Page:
“We are not special interest activists,” Shinderman said, adding they come from all backgrounds and united for a common cause. “We are residents of the Nipomo Mesa who are opposed to the construction of the intrusive and potentially dangerous Phillips rail terminal project.

“It’s our belief that the crude by rail and the construction of a crude oil transfer station is a horrible invasion of everyone’s lives on the Central Coast regardless of income, race or politics. It’s not a jobs issue. It’s a health, safety and quality of life issue for everyone.”

The same tankers Phillips plans to use were involved in recent explosions across the country and have been called “traveling time bombs,” Shinderman said. 

Joyce Howerton, aide to state Sen. Hannah-Beth Jackson, D-Santa Barbara, read a letter from the legislator urging San Luis Obispo County officials to deny the project, citing 2013 statistics that more oil spilled from trains than in the last four decades combined.

“When weighing the benefits versus the burdens of this project, public health and safety must prevail,” Howerton read.

Several speakers opposed to the project represented the Santa Barbara County Action Network and urged the council to endorse Farr’s letter.

Ken Hough, executive director of SBCAN, said transporting the oil by train would be dangerous, with economic impacts occurring for a long time in if an accident occurred.

“You need to choose between the more certain but not guaranteed modest economic boost to your city of an increase in production at the refinery and the less likely but potentially devastating impact of an accident of locally unprecedented proportions,” Hough said. “Please urge the county of San Luis Obispo to deny this project due to the grave risks it would pose to your city, the residents and the visitors.”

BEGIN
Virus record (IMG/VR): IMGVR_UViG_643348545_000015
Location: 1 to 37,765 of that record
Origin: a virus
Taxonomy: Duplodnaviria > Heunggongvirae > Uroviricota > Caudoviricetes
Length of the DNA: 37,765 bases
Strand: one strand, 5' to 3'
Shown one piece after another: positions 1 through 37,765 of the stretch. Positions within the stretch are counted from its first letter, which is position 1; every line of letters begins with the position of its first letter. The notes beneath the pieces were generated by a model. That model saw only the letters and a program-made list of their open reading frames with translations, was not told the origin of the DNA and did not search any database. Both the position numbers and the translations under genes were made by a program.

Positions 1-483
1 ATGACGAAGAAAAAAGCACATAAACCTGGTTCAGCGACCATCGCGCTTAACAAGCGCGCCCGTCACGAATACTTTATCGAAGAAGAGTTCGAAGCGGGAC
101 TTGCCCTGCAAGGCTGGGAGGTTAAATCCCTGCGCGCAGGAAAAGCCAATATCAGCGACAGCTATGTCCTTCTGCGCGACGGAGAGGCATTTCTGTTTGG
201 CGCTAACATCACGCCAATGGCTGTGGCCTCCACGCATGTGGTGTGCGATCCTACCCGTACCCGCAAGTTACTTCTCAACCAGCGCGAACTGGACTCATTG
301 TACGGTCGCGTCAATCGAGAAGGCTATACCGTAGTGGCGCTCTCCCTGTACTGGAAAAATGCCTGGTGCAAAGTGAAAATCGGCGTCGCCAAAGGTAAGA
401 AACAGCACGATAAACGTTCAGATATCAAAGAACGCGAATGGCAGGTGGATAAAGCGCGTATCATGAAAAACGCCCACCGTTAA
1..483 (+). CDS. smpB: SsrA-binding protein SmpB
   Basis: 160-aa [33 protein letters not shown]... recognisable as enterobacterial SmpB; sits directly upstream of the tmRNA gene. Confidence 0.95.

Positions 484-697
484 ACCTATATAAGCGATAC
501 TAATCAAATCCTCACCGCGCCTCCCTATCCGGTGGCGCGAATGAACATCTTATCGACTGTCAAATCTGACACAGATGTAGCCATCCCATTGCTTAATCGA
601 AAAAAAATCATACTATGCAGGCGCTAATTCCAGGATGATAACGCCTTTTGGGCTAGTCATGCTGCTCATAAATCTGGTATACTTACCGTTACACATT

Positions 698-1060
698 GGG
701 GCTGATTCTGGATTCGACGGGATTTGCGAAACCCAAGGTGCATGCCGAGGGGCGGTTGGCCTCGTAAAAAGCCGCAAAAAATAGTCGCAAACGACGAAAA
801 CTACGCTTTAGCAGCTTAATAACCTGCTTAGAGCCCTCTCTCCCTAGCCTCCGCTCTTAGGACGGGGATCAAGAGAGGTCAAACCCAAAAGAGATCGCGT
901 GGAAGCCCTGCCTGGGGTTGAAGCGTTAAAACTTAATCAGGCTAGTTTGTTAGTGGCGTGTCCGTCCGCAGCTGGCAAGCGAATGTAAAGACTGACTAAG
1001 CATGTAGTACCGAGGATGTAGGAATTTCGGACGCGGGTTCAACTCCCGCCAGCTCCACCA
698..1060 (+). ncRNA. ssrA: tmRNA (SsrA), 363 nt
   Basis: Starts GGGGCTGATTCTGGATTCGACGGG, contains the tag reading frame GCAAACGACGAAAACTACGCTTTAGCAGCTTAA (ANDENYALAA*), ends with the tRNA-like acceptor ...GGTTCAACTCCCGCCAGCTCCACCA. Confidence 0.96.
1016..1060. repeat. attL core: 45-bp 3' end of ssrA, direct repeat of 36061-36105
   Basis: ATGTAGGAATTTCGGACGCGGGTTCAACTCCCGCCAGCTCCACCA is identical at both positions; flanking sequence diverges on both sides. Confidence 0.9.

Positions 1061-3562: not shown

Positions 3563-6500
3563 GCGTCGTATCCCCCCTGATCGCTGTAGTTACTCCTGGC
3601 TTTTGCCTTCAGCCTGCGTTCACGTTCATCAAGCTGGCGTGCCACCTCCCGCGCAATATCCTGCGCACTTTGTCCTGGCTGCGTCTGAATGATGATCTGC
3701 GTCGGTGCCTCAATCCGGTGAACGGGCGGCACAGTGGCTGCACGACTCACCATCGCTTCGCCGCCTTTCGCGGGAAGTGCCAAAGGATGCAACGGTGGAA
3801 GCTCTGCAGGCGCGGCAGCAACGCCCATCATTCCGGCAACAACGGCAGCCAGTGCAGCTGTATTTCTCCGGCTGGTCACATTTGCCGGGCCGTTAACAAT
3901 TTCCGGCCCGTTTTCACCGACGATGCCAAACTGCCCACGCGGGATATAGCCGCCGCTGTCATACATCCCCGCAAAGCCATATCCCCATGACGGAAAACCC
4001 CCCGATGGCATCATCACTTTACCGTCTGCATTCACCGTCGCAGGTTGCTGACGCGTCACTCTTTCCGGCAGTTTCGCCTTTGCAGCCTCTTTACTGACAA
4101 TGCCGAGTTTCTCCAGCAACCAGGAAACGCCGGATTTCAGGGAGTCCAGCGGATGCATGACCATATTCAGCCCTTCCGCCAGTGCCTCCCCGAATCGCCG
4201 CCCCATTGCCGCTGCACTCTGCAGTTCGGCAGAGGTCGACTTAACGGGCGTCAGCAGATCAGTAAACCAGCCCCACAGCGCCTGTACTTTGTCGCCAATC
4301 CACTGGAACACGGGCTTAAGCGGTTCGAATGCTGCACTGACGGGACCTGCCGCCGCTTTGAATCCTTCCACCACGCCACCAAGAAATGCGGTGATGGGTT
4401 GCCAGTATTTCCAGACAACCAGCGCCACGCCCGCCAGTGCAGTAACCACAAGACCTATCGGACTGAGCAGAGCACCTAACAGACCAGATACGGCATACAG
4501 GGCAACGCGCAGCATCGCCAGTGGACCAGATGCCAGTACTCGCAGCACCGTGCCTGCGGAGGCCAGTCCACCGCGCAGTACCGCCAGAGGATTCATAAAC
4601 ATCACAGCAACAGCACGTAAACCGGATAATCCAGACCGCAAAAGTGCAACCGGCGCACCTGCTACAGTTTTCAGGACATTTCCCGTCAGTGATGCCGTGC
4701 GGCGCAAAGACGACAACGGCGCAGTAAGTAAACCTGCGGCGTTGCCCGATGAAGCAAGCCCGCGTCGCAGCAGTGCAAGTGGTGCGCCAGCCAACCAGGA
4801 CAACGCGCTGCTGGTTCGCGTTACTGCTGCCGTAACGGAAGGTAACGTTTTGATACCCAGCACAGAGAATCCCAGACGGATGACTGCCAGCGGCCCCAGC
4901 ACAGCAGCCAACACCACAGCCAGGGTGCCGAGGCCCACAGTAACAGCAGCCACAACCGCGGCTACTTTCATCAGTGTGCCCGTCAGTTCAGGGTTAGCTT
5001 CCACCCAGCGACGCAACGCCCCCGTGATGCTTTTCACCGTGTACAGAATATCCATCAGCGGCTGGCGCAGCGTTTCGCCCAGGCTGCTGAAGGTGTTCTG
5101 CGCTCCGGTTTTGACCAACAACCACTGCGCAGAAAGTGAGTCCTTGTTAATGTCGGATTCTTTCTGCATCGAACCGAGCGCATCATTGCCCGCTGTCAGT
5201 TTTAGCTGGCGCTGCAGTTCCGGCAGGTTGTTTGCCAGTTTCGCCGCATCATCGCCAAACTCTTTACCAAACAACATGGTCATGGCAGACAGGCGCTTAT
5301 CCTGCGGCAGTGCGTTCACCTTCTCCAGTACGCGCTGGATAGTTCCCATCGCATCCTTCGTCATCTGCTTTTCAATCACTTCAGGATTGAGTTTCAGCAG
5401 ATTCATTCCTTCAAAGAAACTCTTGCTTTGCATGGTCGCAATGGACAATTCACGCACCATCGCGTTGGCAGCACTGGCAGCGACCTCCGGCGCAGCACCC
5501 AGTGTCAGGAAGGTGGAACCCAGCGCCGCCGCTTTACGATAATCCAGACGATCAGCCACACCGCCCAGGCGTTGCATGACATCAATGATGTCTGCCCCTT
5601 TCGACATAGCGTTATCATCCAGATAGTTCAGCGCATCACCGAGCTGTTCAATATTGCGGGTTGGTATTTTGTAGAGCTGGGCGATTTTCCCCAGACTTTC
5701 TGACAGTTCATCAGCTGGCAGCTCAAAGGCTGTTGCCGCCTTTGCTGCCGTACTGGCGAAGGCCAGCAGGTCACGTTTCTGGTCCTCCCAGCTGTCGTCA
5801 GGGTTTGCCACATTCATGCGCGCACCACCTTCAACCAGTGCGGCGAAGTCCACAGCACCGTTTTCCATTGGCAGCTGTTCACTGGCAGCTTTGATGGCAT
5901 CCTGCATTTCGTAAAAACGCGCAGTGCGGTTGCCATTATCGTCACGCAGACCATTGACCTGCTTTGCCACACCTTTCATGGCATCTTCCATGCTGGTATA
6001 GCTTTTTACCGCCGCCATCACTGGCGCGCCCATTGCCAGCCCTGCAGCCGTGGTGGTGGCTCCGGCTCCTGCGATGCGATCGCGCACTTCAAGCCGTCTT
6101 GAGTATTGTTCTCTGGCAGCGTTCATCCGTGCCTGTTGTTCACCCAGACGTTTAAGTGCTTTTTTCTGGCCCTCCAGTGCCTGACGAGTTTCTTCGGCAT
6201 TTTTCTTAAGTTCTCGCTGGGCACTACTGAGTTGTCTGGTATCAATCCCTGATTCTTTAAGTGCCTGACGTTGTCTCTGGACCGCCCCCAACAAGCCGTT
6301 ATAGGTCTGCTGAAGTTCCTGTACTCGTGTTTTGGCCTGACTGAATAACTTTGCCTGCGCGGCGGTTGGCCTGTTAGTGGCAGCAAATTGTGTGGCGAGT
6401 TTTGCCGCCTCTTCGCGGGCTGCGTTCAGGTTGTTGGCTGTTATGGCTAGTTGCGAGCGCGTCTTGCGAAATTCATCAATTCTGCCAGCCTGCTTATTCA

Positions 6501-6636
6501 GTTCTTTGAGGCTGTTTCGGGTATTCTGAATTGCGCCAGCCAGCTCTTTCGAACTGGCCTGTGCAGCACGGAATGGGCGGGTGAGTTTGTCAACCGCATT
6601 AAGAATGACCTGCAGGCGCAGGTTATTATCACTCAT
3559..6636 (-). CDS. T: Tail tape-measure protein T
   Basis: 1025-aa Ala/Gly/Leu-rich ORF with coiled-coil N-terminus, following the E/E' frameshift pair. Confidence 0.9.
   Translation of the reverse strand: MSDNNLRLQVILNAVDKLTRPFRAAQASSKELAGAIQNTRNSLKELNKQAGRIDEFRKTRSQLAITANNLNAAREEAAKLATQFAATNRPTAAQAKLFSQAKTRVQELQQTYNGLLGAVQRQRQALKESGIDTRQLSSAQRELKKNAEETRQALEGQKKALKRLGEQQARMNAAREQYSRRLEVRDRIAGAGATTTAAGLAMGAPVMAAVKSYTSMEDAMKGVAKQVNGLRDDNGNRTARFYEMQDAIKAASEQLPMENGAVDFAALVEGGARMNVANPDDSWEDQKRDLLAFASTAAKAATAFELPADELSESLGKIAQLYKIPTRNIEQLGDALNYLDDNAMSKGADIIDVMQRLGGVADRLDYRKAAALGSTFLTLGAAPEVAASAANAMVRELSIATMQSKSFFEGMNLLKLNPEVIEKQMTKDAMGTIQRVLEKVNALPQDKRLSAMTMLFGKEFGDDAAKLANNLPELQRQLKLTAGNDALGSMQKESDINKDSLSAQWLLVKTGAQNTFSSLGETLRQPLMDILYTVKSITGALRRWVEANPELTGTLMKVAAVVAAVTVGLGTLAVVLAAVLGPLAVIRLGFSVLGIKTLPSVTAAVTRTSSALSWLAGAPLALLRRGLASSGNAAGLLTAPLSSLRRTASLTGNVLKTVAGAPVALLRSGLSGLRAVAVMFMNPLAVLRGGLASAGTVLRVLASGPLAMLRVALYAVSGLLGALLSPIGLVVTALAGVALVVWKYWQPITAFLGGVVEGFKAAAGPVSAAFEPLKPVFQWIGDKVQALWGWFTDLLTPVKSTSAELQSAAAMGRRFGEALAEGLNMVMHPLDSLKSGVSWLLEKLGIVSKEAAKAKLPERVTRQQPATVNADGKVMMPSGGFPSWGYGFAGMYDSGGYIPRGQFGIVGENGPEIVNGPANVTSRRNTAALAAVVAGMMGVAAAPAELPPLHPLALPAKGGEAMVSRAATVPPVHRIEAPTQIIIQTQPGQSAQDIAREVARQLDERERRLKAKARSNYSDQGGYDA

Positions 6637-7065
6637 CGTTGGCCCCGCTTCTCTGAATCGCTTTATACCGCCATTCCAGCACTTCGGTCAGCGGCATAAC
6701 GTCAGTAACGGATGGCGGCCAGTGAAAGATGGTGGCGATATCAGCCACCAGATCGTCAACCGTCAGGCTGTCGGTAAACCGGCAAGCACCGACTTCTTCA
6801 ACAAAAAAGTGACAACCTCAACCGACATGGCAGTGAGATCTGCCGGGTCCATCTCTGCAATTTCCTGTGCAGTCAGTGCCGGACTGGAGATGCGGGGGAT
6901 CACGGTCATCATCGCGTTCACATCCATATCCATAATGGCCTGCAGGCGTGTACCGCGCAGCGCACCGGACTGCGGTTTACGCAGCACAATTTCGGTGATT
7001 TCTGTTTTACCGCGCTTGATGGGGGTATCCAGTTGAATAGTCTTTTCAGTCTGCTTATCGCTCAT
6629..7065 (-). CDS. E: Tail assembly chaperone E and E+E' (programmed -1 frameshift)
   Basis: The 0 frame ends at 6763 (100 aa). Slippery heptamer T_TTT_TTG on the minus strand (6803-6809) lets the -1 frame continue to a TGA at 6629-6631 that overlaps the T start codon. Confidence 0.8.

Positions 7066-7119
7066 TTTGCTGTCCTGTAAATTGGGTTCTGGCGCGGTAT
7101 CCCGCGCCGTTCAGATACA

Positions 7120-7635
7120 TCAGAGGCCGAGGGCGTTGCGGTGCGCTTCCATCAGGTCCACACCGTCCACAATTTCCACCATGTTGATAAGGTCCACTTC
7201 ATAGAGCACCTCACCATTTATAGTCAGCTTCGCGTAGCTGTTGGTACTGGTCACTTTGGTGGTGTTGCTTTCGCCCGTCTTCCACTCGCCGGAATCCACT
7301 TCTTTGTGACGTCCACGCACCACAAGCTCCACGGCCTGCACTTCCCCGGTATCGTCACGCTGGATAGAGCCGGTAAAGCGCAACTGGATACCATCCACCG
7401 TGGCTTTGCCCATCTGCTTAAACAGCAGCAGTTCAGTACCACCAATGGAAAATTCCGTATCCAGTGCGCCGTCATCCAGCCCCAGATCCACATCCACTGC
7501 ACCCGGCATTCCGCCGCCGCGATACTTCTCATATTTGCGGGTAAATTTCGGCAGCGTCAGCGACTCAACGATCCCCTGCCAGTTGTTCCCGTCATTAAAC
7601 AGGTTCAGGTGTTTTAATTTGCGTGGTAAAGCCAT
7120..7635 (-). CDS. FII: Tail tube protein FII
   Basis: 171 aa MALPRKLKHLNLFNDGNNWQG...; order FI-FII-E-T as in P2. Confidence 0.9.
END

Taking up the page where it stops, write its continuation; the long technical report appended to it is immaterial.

Lompoc resident Janet Blevins labeled oil tankers traveling by rail as “a bomb train.”

“If an accident happened here, schoolchildren would die, maybe on their way to school,” Blevins said. 

Dennis Apel said the council should still weigh in on the project even if the trains don’t pass through the city.

Several communities along the rail route have opposed the project.

“A disaster of this sort anywhere in California would be horrendous,” Apel said.

He recalled another Guadalupe train derailment involving Corona beer — the town smelled of beer for several weeks afterward.

“Not that I’m complaining, but Corona beer is nothing compared to what would happen if one of these trains derailed along the rail in our city or anywhere in California,” Apel said.

Guadalupe resident Shirley Boydstun questioned the motivation for those opposing the project.

“Could this be fostered by people in the South County who frequently show themselves as nearly anti-everything?” Boydstun said. “In this case, it seems to the oil industry.”

She noted last year’s Measure P anti-fracking initiative, which was defeated in Santa Barbara County.

Oil production and refining have been job creators in the North County for decades, she added.

Noozhawk North County editor Janene Scully can be reached at Follow Noozhawk on Twitter: @noozhawk, @NoozhawkNews and @NoozhawkBiz. Connect with Noozhawk on Facebook.

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Janene Scully | Noozhawk North County Editor

Noozhawk North County editor Janene Scully can be reached at